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Words do not have neat one-to-one mappings between languages. You do not need to be a very advanced language learner to be aware of that phenomenon, so it’s surprising how often this seems to trip up the unwitting translator. Read More
We know a surprising amount of detail about some languages that are extinct, and for which there are no written records. How is that possible, and how far can we push this reconstruction of extinct languages?
Reconstructing languages for which there is no record is made possible by the fact that languages (generally) do not simply disappear. They rather change gradually, and eventually become so different that they have to be considered separate languages. An obvious example is Latin, which is clearly still ‘alive’ in some way in its descendent languages, Italian, French, Spanish, etc.
When linguists started studying how languages change, initially mainly on the well-documented example of Latin and its derived languages, they realised that there are quite a lot of regularities in the changes. These changes include for example direction in which sounds (phonemes) change over time, but also the speed with which changes occur.
Armed with this knowledge, historical linguists then proceeded to try and extrapolate further back, beyond where written records started. Luckily, for Indo-European languages (a family that includes almost all languages of modern Europe, plus many Indian languages such as Punjabi and Urdu, as well as Persian), records go back at least 3500 years (for Mycenaean Greek and some Indo-Aryan languages). This, along with the substantial number of written historical languages, has allowed a fairly precise reconstruction of ‘Proto-Indo-European’, the common ancestor language, thought to have been spoken about seven to ten thousand years ago. This includes grammatical structure, core vocabulary and more.
Inter-disciplinary research has shown great promise in this area, suggesting for example the types of vegetation that must have been important in the ‘Urheimat’ (the original home) of that ancestor language.
Having thus found out all about Dad, the next logical was to try and learn about Grand-dad. The most ambitious form of this has been the quest for ‘Proto-World’ or ‘Proto-Human’, the ancestor language that all others may have derived from. This drive has been much encouraged by the much-discussed and still controversial work of Joseph Greenberg, who attempted to classify all the world’s languages into a small number of super-families.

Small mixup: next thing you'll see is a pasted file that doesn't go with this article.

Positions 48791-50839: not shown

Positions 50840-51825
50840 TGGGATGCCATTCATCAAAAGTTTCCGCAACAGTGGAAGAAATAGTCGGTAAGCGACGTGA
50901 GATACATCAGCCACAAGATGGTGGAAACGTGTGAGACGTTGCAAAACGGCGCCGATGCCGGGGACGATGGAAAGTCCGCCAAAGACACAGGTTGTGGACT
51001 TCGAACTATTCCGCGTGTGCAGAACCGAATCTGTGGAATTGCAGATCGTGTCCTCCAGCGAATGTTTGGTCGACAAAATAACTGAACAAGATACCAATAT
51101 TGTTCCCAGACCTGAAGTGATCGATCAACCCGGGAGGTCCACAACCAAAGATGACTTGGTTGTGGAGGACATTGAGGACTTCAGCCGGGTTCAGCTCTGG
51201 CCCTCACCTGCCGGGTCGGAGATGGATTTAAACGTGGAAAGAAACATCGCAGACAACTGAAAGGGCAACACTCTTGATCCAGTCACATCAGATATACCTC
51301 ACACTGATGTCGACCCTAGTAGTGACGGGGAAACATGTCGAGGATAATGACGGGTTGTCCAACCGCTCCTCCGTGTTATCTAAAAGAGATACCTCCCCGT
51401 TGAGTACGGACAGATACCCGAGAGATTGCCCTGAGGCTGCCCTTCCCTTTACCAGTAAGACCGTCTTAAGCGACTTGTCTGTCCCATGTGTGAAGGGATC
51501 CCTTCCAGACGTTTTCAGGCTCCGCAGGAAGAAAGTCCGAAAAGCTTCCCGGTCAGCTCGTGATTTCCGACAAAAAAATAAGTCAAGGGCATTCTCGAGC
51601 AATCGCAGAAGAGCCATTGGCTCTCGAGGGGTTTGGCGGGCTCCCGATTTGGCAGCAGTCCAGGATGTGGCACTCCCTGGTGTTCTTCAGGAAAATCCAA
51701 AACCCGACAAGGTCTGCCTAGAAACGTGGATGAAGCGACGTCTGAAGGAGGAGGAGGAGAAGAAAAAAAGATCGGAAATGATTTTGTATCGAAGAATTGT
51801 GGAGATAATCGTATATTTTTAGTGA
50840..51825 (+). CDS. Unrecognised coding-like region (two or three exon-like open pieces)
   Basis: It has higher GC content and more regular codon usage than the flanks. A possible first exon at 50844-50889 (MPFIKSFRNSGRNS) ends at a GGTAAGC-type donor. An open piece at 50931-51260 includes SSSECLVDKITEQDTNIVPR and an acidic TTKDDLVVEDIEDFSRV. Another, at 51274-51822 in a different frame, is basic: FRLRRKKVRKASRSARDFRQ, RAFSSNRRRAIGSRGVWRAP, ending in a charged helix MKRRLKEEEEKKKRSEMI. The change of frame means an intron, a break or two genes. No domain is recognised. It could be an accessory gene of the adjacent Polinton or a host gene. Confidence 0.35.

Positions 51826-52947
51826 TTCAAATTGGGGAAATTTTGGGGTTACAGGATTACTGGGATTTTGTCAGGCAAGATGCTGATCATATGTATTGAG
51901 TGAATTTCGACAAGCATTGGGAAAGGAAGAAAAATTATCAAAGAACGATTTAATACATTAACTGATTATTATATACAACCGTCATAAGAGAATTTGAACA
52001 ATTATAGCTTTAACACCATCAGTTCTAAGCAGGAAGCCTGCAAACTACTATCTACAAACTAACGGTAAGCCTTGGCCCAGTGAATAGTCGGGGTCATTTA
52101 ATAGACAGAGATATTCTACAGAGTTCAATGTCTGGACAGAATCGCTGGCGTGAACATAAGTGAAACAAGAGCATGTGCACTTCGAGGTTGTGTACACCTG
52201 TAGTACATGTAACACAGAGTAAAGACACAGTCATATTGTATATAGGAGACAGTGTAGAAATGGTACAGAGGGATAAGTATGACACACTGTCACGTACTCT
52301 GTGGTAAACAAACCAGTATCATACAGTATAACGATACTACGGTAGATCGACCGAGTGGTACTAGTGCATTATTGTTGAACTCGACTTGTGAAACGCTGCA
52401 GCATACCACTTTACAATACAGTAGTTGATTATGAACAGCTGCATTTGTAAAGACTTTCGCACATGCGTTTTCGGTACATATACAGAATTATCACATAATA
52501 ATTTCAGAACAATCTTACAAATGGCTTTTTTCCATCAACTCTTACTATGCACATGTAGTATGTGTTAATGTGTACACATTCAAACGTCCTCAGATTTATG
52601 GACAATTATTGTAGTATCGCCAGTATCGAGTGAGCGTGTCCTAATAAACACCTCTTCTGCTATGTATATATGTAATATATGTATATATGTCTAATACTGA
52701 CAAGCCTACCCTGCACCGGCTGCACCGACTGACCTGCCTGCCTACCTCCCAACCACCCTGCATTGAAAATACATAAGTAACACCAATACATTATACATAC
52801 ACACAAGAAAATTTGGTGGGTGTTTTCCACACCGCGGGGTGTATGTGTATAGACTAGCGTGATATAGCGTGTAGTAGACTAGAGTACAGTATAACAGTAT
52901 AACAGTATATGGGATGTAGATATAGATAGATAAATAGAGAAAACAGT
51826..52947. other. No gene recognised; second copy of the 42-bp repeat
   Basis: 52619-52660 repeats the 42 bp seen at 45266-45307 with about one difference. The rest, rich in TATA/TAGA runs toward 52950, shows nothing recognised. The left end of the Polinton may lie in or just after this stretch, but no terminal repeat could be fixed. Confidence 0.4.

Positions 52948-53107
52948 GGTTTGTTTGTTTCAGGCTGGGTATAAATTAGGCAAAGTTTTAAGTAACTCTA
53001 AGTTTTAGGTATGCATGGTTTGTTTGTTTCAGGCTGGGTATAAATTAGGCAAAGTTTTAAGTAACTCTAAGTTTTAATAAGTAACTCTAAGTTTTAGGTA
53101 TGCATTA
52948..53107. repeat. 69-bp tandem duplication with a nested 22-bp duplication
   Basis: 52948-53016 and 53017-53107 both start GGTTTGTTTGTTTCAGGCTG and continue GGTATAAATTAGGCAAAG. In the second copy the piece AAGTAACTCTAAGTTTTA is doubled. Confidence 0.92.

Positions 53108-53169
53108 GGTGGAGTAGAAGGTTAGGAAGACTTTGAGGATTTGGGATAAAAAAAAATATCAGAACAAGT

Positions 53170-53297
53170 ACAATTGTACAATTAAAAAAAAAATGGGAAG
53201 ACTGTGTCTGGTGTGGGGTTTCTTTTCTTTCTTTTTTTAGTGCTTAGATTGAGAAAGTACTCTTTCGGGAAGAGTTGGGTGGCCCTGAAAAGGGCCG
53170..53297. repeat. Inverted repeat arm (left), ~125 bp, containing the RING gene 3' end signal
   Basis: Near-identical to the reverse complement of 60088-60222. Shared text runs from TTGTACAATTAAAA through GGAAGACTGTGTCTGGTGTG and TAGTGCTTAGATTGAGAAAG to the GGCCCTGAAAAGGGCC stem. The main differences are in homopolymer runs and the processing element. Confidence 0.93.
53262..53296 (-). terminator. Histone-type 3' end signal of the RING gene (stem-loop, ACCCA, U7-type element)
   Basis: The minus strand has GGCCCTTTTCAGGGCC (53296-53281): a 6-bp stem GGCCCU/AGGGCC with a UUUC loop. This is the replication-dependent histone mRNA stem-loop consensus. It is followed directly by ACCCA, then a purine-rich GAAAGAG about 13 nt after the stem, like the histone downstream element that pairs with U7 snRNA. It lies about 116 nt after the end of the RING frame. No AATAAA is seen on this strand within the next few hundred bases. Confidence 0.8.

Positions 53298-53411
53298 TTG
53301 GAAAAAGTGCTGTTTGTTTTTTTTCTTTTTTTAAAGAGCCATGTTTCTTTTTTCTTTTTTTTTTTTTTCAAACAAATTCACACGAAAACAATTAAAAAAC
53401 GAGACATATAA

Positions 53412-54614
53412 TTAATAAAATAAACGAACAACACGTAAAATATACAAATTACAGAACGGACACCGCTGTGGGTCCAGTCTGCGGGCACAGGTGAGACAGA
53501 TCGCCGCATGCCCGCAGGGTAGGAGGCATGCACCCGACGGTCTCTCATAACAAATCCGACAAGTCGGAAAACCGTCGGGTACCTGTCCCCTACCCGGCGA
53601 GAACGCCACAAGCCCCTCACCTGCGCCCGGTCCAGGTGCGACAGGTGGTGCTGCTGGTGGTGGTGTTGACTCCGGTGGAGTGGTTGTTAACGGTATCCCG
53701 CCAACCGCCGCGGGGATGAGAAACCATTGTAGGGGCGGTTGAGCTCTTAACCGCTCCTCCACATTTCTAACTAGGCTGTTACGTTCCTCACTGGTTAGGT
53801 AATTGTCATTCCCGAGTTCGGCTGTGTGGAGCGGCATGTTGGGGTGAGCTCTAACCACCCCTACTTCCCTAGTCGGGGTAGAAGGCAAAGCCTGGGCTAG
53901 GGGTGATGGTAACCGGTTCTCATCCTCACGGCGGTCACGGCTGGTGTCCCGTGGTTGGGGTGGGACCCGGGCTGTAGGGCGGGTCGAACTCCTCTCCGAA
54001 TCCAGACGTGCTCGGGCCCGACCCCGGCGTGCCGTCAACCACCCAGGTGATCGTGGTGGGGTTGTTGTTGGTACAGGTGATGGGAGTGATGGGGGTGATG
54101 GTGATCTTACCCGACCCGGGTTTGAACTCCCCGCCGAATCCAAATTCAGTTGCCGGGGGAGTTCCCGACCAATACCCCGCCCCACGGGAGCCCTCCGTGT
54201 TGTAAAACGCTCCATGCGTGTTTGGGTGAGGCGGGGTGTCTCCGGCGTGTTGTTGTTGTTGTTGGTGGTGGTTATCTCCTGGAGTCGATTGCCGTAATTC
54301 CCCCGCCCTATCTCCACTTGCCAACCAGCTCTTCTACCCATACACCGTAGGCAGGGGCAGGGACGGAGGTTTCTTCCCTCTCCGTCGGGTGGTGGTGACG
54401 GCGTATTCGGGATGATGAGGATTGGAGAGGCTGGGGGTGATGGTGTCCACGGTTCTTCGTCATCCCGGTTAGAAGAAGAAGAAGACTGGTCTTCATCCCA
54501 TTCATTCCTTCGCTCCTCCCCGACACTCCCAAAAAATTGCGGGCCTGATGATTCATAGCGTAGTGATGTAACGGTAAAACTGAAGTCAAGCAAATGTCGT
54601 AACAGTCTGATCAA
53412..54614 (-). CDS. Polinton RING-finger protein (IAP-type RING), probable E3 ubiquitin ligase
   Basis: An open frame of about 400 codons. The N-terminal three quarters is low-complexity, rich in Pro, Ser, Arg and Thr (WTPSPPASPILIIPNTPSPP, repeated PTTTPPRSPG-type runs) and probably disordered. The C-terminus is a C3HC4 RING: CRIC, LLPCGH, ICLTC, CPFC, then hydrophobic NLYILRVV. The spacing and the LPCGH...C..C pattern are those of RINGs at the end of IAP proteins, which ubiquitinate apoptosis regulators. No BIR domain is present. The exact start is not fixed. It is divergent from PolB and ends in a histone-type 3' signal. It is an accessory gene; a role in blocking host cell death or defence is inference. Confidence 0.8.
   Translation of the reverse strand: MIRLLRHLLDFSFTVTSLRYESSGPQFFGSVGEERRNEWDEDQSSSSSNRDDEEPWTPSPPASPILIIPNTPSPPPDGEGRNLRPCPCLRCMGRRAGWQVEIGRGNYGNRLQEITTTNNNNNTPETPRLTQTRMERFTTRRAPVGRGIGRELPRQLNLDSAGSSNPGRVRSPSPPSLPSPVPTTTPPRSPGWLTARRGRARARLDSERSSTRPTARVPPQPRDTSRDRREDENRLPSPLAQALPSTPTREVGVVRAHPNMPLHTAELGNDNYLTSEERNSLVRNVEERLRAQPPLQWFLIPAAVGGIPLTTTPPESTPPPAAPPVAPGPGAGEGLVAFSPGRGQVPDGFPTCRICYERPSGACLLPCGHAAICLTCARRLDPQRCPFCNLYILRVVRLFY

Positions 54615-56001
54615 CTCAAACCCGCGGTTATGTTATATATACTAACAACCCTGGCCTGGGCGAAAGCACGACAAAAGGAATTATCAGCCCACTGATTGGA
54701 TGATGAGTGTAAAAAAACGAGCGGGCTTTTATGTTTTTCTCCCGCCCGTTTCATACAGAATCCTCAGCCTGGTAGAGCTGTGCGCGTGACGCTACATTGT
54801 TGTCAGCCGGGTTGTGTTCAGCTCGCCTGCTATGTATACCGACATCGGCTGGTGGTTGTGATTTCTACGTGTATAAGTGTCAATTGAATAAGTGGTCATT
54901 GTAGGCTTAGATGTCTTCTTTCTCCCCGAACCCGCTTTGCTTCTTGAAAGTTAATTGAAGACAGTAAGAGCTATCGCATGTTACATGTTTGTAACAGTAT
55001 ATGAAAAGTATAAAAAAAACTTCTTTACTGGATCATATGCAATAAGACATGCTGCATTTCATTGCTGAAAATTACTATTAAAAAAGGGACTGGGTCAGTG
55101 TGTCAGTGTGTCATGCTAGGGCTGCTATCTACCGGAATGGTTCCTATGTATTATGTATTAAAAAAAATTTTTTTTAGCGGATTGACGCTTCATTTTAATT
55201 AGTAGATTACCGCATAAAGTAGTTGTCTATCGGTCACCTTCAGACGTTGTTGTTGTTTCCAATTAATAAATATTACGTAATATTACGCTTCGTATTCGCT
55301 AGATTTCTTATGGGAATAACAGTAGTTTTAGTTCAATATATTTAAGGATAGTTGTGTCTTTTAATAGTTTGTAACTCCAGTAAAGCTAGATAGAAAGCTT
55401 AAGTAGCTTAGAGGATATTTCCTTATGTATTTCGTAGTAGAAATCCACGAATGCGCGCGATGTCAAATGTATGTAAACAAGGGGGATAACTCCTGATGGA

Using a variety of techniques, such as mass comparison, linguists like Merritt Ruhlen have attempted to reconstruct ‘Proto-World’. The results have sharply divided linguists, with accusations ranging from populism to sloppiness.
What makes this work so controversial is closely related to the factors that helped with reconstructing Proto-Indo-European, or rather the absence of these factors. The reconstruction is done on the basis of, well, reconstructions of later ancestor-languages, many of which were done on much slimmer and more tentative historical evidence than Proto-Indo-European. Going back even further from there, the signal-to-noise ratio is bound to deteriorate more and more, and it is at least questionable whether the results can be trusted.
Some of this incertitude can already be gauged from the estimates that are given in the different studies of the time when Proto-Human was supposed to have been spoken, which range from 50,000 to 200,000 years ago. However attractive therefore the idea of finding out about Grand-dad may be, it may well prove to be too ambitious a task.
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